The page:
Webinar: Video Accessibility at the University of Washington
Since 1984, UW’s accessibility task force has been working closely with departments and their faculty to educate and incorporate tools to facilitate classroom accessibility. UW’s vision is to “educate a diverse student body” that values “excellence, collaboration, innovation, and respect.”
At UW, they use two approaches to accessibility: accommodations, such as captioned videos, and universal design. With everything they implement they always ask, “how could we make this product more accessible and usable to all?”
In this webinar, Terill Thompson, Sheryl Burgstahler, and Doug Hayman will describe their multi-faceted approach to video accessibility, including their strategies and funding model for supporting captioning on campus, their research into various methods of producing and delivering audio description, and tools they’ve developed to support their video accessibility goals.
This presentation will cover:
- An overview of UW’s accessibility policy and efforts
- UW’s strategies and funding model for supporting captioning on campus
- Methods for producing and delivering audio description
- Tools UW has developed to support video accessibility goals
Technology Accessibility Specialist | University of Washington
Director of Accessible Technology Services | University of Washington
Senior Computer Specialist | University of Washington
Sofia Enamorado (Moderator)
Webinar Q&A: Video Accessibility at the University of Washington
Terill Thompson, Sheryl Burgstahler, and Doug Hayman from the University of Washington’s office of Accessible Technology Services describe their multi-faceted approach to video accessibility. At UW, they understand the importance of having accessible video for students with disabilities, as well as the benefits of captioning and audio description for all students. Fortunately for the university, they aren’t the only ones in Washington to realize the importance of captioning. Public higher education institutions in the State of Washington, including UW, have a statewide contract for captioning with 3Play Media. In addition to the statewide contract, UW also has a captioning grant offered through the university. This statewide contract, along with the internal grant, have allowed UW to caption over 430 prominent videos free of charge to the users on campus.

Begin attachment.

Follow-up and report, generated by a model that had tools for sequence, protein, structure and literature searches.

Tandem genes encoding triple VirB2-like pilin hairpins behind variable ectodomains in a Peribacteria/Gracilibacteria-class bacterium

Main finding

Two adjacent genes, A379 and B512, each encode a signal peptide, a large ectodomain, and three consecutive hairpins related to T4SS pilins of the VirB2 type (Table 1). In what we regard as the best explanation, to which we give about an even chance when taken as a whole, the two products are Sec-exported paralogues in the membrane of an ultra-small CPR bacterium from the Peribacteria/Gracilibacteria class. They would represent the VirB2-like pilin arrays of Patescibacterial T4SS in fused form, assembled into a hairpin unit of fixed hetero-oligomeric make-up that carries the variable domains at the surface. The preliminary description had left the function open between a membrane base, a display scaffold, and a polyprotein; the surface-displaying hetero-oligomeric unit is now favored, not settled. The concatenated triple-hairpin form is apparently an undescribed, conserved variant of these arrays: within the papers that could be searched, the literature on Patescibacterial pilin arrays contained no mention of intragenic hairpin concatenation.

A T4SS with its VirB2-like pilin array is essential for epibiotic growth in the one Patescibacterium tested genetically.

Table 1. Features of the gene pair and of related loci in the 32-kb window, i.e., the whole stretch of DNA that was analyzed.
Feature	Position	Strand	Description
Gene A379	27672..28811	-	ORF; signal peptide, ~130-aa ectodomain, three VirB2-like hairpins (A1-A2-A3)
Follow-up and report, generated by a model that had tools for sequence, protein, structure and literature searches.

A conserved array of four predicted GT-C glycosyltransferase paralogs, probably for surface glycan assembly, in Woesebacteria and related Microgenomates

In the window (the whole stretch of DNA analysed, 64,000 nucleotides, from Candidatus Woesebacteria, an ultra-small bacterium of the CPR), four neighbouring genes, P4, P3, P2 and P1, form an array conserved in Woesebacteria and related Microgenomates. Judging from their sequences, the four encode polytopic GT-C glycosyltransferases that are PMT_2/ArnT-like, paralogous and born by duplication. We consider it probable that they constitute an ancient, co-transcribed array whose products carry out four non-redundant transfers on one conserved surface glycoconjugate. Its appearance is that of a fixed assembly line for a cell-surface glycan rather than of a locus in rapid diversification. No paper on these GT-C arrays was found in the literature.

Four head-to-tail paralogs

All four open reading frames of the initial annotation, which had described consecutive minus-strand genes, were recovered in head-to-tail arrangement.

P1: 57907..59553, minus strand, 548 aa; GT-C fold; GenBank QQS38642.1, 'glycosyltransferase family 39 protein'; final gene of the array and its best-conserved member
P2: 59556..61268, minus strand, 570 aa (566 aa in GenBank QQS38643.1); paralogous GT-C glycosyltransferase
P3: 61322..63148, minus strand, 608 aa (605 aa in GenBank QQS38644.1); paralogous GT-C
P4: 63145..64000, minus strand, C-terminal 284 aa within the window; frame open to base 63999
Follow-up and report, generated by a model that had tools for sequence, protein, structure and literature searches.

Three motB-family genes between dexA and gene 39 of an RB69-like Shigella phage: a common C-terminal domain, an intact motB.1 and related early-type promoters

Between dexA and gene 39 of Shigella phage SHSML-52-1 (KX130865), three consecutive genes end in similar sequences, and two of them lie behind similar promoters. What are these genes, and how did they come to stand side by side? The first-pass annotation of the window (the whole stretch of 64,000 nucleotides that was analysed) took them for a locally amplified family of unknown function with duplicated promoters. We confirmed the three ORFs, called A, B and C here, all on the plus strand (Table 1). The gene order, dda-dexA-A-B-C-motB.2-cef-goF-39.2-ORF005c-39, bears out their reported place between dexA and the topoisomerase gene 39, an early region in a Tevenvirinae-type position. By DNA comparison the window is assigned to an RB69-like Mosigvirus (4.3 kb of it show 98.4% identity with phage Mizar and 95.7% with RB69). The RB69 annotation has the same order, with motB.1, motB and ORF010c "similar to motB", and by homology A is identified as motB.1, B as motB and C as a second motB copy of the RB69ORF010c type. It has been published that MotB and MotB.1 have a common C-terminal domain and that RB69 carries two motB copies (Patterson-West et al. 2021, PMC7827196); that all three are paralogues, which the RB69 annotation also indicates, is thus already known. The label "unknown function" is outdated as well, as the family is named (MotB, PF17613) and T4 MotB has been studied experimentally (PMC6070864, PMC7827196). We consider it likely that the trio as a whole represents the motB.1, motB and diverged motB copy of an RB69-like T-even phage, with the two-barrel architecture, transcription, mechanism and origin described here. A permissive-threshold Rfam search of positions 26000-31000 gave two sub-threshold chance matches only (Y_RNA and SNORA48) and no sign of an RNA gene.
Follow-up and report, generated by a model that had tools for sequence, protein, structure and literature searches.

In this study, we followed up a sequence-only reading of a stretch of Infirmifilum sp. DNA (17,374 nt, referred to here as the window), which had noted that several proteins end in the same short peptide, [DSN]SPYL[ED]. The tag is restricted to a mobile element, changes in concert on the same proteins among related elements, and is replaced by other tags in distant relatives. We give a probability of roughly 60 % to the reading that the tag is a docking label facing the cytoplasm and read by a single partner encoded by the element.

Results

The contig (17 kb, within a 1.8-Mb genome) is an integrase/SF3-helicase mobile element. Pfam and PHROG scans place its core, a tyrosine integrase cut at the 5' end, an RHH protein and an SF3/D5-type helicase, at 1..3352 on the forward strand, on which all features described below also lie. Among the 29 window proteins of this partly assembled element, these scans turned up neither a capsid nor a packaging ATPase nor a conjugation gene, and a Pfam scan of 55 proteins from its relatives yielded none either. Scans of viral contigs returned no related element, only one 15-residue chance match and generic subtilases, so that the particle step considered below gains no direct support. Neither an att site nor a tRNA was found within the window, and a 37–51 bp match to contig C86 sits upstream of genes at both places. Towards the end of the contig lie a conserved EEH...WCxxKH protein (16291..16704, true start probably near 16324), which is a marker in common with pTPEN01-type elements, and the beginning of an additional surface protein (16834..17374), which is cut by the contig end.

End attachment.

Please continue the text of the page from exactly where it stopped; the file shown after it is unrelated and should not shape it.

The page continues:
Want to know how they do it? Here are answers to some of the big questions about their strategies and funding model, how they support captioning on campus, the various methods of producing and delivering audio description, and tools they’ve developed to support their video accessibility goals.
What was the process of getting this grant approved? How much is the grant for captioning? Does this amount change?
SHERYL BURGSTAHLER: We wrote the grant proposal to our parent organization, UW IT, which is the major IT organization on campus. Applying for the grant is part of a regular process where you can apply for some grant funding, particularly if you anticipate that you’ll try to institutionalize what you’re doing. That’s what we’d like to do.
Through the grant, we were able to secure $60,000 for captioning. It is temporary funding, but we expect it will last for at least another year. Then what we plan on doing is trying to seek funding beyond the UW IT funding through the Provost’s Office to see if this can be ongoing.
The way we’ve done it, you actually apply for funding through a quick survey, then our advisory board descides whether it’s appropriate. If it is, we say yes and we caption it.
Is audio description part of the grant?
SHERYL BURGSTAHLER: We did not include audio description when we applied for the grant money, in part because captioning was a bigger issue we were dealing with. Now it is flexible. That project is flexible enough that we’re now looking for opportunities to do some audio description with that funding, as well, to show how that can be done.